Abhishek Tiwari:STRUCTURAL BIOINFORMATICS
In Silico Biology Volume 7 | Article 7 | 2006
- Evolved cellular automata for protein secondary structure prediction imitate the determinants for folding observed in nature
Authors have developed a simple algorithm based on cellular automata for secondary structure predictions of proteins.Cellular Automata have been used in Bioinformatics for different purposes like predicting protein subcellular location and modeling biochemical pathways.Cellular automata make use of local interactions to simulate global and decentralized phenomena which can help to study protein folding phenomenon.Protein Folding depends on both local interactions between adjacent residues and global interactions between distant residues. A cellular automaton can capture both of these interactions making it an ideal candidate for studying protein folding. Developed program takes protein sequence as input and output is the corresponding sequence of secondary conformations adopted by each residue.
PLoS Computational Biology Volume 2 | Issue 10 | OCTOBER 2006
- 3D Complex: a Structural Classification of Protein Complexes
Most of the proteins in a cell assemble into complexes to carry out their function. It is therefore crucial to understand the physico-chemical properties as well as the evolution of interactions between proteins. The Protein Data Bank represents an important source of information for such studies, because more than half of the structures are homo- or heteromeric protein complexes. Here Emmanuel D Levy,etl. propose the first hierarchical classification of whole protein complexes of known three-dimensional structure, based on representing their fundamental structural features as a graph. This classification provides the first overview of all the complexes in the Protein Data Bank and allows non-redundant sets to be derived at different levels of detail. This reveals that between one half and two thirds of known structures are multimeric, depending on the level of redundancy accepted. We also analyse the structures in terms of the topological arrangement of their subunits, and find that they form a small number of arrangements compared to all theoretically possible ones. This is because most complexes contain four subunits or less, and the large majority are homomeric. In addition, there is a strong tendency for symmetry in complexes, even for heteromeric complexes. Finally, through comparison of Biological Units in the Protein Data Bank with the Protein Quaternary Structure database, they identified many possible errors in quaternary structure assignments. Our classification, available as a database and web server at http://www.3Dcomplex.org, will be a starting point for future work aimed at understanding the structure and evolution of protein complexes.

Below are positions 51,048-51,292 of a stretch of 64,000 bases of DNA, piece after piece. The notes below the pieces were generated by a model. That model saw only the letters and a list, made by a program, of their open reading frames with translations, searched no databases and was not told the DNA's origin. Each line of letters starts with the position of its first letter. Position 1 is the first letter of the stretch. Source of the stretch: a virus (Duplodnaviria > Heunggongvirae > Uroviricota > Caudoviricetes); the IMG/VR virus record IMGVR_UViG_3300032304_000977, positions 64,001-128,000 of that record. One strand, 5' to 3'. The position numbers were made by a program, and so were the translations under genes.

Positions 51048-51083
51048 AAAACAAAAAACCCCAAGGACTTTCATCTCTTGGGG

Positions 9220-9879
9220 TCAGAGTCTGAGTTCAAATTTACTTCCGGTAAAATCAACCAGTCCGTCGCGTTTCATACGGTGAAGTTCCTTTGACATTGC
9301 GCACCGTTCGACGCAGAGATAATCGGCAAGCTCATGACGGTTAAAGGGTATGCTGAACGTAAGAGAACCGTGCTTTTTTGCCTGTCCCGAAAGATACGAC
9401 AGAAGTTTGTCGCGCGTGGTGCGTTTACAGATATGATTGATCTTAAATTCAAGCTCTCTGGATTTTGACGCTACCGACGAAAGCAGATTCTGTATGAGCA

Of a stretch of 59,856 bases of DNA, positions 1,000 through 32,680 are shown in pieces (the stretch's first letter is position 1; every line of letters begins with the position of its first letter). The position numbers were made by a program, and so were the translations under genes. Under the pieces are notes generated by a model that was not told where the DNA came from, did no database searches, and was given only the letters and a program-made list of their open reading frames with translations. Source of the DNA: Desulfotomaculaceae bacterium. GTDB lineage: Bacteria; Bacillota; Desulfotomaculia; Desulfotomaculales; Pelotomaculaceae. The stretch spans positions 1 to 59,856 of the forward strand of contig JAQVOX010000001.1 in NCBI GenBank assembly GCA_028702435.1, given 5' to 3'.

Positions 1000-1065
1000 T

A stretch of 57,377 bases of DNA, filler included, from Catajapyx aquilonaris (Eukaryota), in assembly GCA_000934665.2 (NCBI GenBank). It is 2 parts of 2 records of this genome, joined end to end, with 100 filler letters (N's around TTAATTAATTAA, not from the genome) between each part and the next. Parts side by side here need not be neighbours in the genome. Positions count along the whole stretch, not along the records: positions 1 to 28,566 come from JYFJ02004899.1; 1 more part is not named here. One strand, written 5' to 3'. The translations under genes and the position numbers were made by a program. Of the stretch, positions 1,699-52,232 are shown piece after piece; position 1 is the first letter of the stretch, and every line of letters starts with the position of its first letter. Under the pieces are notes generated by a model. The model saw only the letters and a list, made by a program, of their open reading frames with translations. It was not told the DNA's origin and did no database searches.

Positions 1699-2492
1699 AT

Oxford Bioinformatics Volume 22 | Number 22 | 15 November 2006
- Protein–RNA interactions: exploring binding patterns with a three-dimensional superposition analysis of high resolution structures
The recognition of specific RNA sequences and structures by proteins is critical to our understanding of RNA processing, gene expression and viral replication. The diversity of RNA structures suggests that RNA recognition is substantially different than that of DNA.The atomic coordinates of 41 protein–RNA complexes have been used to probe composite nucleoside binding pockets that form the structural and chemical underpinnings of base recognition. Composite nucleoside binding pockets were constructed using three-dimensional superpositions of each RNA nucleoside. Unlike protein–DNA interactions which are dominated by accessibility, RNA recognition frequently occurs in non-canonical and single-strand-like structures that allow interactions to occur from a much wider set of geometries and make fuller use of unique base shapes and hydrogen-bonding ability. By constructing composites that include all van der Waals, hydrogen-bonding, stacking and general non-polar interactions made to a particular nucleoside, the strategies employed are made readily visible. Protein–RNA interactions can result in the formation of a glove-like tight binding pocket around RNA bases, but the size, shape and non-polar binding patterns differ between specific RNA bases. We show that adenine can be distinguished from guanine based on the size and shape of the binding pocket and steric exclusion of the guanine N2 exocyclic amino group. The unique shape and hydrogen-bonding pattern for each RNA base allow proteins to make specific interactions through a very small number of contacts, as few as two in some cases.